By Donald W. Meyers | March 26th, 2013
Oklahoma State University made history by becoming the first university to win SPJ’s not-so-coveted Black Hole Award.
The Cowboys were nominated by Frank LoMonte, executive director of the Student Press Law Center, for several offenses against open government, such as classifying parking tickets as information protected under the Family Educational Rights and Privacy Act (FERPA) and identifying a sexual assault as a burglary on a Clery Act report.
But what put Oklahoma State over the top (or into the gutter, depending on your perspective), was its decision to hide behind FERPA to protect the “privacy” of a suspected serial sexual predator. OSU had four verified complaints from students at a fraternity that they were sexually assaulted by another student, yet the university did not notify police or alert students to the potential predator in their midst.
Instead, OSU handled the matter through a closed-door administrative hearing. University officials defended the action on the grounds that FERPA barred them from revealing the suspect’s name, even to the police.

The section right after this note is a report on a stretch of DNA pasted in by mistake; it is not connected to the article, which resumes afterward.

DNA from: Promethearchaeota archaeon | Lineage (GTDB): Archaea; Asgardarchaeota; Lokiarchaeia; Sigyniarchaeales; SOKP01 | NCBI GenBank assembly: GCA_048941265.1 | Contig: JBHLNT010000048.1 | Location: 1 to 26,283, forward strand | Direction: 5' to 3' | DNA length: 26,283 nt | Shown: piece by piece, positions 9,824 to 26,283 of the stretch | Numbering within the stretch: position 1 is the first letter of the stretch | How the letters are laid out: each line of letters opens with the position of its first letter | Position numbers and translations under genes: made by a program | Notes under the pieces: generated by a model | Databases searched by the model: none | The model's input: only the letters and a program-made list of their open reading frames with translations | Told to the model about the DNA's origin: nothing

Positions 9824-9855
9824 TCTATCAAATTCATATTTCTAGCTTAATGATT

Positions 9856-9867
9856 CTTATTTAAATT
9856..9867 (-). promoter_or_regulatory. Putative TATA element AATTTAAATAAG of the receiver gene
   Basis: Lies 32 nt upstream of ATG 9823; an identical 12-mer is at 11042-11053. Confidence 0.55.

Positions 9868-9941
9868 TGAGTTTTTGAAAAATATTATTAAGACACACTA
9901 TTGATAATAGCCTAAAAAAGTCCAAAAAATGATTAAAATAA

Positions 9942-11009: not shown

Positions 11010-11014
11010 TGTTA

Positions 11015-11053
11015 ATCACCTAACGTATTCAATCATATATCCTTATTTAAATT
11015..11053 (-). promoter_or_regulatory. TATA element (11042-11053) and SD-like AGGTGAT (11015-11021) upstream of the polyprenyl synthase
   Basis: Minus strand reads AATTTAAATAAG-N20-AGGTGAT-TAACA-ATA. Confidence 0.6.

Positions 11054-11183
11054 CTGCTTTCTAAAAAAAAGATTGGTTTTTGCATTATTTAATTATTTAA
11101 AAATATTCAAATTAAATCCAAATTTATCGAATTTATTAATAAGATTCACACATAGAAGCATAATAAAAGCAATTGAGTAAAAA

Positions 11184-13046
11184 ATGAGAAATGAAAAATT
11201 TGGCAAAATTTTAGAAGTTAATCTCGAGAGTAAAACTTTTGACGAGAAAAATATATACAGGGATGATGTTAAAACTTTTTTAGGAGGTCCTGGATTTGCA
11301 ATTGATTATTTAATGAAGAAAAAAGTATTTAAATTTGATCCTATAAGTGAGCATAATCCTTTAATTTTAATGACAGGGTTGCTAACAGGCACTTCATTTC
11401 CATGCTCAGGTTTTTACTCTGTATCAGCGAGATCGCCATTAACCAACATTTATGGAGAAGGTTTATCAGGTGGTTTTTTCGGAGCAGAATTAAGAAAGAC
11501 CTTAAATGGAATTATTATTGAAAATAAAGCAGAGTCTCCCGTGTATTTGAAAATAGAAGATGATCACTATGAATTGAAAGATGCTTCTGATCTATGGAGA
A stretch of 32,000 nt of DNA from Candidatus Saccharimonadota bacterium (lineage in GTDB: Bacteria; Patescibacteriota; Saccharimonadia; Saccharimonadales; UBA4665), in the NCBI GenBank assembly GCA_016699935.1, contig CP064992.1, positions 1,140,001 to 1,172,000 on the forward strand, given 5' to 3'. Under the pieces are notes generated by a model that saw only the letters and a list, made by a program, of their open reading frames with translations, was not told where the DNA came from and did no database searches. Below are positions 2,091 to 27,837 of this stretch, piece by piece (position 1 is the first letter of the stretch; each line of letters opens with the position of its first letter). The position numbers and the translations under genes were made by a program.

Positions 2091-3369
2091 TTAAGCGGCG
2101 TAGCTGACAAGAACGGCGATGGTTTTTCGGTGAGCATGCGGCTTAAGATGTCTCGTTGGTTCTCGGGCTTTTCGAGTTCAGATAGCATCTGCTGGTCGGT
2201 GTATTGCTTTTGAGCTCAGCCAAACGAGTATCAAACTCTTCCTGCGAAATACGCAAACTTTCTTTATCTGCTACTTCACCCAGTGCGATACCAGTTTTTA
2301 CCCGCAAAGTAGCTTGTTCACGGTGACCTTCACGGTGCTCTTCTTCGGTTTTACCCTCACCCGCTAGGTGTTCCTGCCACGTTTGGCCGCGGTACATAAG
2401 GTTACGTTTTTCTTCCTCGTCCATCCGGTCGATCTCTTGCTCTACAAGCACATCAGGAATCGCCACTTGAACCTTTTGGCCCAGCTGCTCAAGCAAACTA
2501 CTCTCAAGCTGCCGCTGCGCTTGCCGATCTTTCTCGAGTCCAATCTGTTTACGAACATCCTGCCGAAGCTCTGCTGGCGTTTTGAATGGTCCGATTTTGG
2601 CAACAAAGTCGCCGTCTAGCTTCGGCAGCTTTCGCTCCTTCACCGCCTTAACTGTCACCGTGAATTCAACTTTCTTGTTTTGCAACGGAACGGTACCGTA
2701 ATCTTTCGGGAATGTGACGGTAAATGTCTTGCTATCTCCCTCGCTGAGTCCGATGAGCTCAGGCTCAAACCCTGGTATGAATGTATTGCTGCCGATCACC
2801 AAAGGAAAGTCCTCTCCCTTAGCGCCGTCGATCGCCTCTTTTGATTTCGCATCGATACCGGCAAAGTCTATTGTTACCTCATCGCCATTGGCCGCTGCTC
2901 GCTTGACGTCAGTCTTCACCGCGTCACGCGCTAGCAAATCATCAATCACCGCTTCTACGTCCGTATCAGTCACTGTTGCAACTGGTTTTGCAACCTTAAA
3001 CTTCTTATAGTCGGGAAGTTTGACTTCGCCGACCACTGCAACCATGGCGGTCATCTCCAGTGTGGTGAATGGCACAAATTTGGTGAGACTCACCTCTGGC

FERPA was meant to protect academic records — college applications, test scores and transcripts — from prying eyes. It was not meant to be a “Harry Potter”-like cloak that hides any scrap of paper that contains a student’s name.
Oklahoma State now joins a rouge’s gallery that includes the Kentucky Cabinet for Health and Human Services, and the Georgia, Wisconsin and Utah legislatures. The Utah Legislature had the distinction of winning the first national Black Hole award for railroading through the infamous HB477 in 2011, which would have gutted the state’s Government Records Access and Management Act.
That bill was repealed amid public fury, a petition drive to put legislation repealing the bill on the next ballot, front-page editorials in the state’s largest newspaper denouncing the bill and the national publicity generated by the Black Hole award.